14 minutes ago, Patine said:

His actions pre-1972? Yes, they do. But after his rebirth in Christ and his crippling at the hands of his would-be assassin, I legitimately believe that his life and death situation and how that brought him to Christ made him realize that all of the racist lies (which he knew were lies) that he told to gain power were not worth his soul. And in doing that he reverted to the beliefs he initially esposed as a judge and in his 1958 run. Like you said, when someone tells you who they are the first time, believe them. George Wallace is a deeply flawed human and he hurt many people. I don't support him and would not campaign actively for him. But I believe that his later actions redeemed himself and that more importantly he was truly penitent for his many sins. That's enough to rehabilitate his ranking as compared to 1964 and 1968 for me.

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1 minute ago, Dobs said:

His actions pre-1972? Yes, they do. But after his rebirth in Christ and his crippling at the hands of his would-be assassin, I legitimately believe that his life and death situation and how that brought him to Christ made him realize that all of the racist lies (which he knew were lies) that he told to gain power were not worth his soul. And in doing that he reverted to the beliefs he initially esposed as a judge and in his 1958 run. Like you said, when someone tells you who they are the first time, believe them. George Wallace is a deeply flawed human and he hurt many people. I don't support him and would not campaign actively for him. But I believe that his later actions redeemed himself and that more importantly he was truly penitent for his many sins. That's enough to rehabilitate his ranking as compared to 1964 and 1968 for me.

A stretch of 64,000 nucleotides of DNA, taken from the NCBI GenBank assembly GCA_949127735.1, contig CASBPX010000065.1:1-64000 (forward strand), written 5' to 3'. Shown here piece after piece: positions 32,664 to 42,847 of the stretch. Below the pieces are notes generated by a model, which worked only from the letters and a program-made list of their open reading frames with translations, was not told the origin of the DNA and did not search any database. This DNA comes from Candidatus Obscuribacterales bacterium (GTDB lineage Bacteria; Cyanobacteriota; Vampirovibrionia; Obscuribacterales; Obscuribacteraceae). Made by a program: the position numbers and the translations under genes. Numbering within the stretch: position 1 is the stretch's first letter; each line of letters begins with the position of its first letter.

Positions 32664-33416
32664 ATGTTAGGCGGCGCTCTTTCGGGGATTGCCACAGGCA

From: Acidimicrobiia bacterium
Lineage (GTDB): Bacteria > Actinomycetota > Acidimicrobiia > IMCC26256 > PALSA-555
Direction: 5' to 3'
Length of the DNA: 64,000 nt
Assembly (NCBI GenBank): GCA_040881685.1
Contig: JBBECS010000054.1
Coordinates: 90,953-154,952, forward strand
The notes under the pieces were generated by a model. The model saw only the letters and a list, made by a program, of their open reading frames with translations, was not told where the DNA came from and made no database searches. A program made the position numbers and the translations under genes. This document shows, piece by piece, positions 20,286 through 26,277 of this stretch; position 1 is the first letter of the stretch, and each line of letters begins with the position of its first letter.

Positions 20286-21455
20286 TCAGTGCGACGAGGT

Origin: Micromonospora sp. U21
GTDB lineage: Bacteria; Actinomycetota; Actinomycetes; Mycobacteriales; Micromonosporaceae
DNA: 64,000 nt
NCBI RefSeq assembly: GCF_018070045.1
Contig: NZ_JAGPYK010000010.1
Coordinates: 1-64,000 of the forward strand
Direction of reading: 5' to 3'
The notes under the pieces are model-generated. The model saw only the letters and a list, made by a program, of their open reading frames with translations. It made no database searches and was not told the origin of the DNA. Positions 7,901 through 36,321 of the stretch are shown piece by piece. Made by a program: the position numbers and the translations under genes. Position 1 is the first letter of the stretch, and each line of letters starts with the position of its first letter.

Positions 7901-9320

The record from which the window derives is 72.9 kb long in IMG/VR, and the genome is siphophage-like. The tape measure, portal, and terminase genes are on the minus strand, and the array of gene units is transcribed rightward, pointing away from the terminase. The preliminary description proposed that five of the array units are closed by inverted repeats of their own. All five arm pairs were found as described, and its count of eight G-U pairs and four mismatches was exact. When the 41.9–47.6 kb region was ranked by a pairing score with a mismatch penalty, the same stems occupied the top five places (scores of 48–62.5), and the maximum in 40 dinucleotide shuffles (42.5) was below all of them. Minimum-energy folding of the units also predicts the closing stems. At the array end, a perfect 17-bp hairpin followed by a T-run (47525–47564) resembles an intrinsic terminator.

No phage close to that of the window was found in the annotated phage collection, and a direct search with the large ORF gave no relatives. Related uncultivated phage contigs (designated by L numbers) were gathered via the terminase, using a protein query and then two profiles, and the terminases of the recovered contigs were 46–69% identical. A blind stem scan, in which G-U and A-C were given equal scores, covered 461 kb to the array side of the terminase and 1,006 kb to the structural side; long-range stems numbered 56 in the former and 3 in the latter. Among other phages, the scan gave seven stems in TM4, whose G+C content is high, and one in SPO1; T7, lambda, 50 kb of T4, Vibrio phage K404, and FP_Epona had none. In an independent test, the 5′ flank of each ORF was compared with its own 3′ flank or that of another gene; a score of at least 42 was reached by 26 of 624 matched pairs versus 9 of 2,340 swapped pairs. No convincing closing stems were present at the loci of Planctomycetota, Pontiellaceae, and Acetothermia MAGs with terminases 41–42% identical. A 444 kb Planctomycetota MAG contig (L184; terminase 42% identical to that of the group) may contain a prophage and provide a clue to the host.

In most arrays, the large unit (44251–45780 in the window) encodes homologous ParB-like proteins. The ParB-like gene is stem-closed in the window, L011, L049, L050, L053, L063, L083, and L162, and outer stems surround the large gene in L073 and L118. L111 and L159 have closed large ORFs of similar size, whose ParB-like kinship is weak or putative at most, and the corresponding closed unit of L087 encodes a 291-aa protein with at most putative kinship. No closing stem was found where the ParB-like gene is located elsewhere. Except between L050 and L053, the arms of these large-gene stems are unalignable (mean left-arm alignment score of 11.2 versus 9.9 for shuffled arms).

I don't believe he fundamentally changed in 1972. I think it's naïve to think that he did. He said and did despicable things against a community, on par with some of the worst people on these lists only a handful of years before this. People don't change that fast. Like I said, by 1979 or 1983, I think you could make the argument he had truly changed. In 1972, that is an abrupt turnaround that I don't buy. 

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George Wallace is of a similar breed that created America First Populism. Sure, he changed by the 80s in his final term as Governor. Even won most African Americans. 

That does not justify his previous actions for me and he is still, without a doubt, one of the worst influences weve had in American society. 

I cant understand a rank of his higher than the bottom. And he would've made a terrible President. No true conservative could support him or think remotely high of him. The same goes for Trump, and other populist influences throughout society.

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7 minutes ago, Pringles said:

George Wallace is of a similar breed that created America First Populism. Sure, he changed by the 80s in his final term as Governor. Even won most African Americans. 

That does not justify his previous actions for me and he is still, without a doubt, one of the worst influences weve had in American society. 

I cant understand a rank of his higher than the bottom. And he would've made a terrible President. No true conservative could support him or think remotely high of him. The same goes for Trump, and other populist influences throughout society.

I agree with all of this.

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1 hour ago, Patine said:

Notably, a quote conspicuous by it's absence of poignant quotes by Canadian PM's on the loading screen of Anthony's PM4E and PMI, Canadian Edition.

Maybe Anthony shouldve adhered to his own game advice better

edit: my bad. Thought you said it was in the game. Now I wonder why... *cough* 😛

Edited by Pringles
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8 minutes ago, Timur said:

I think Wallace was a flip-flopper & an opportunist. It is questionable how much of his racism was sincere...

Even though most politicians are... in some ways at least. Wallace had a cult like following that would follow him to the depths of hell. Had he ever gotten near the WH or started claiming it was rigged, I wouldnt be surprised if a Jan 6 like event would have happened.

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11 minutes ago, Timur said:

I think Wallace was a flip-flopper & an opportunist. It is questionable how much of his racism was sincere...

He was. Regardless of how sincere his racism is, it was poisonous and hurt quite a few (millions) of people. Not caring about using racism to win office and hurt those exact people, is racist in its own way.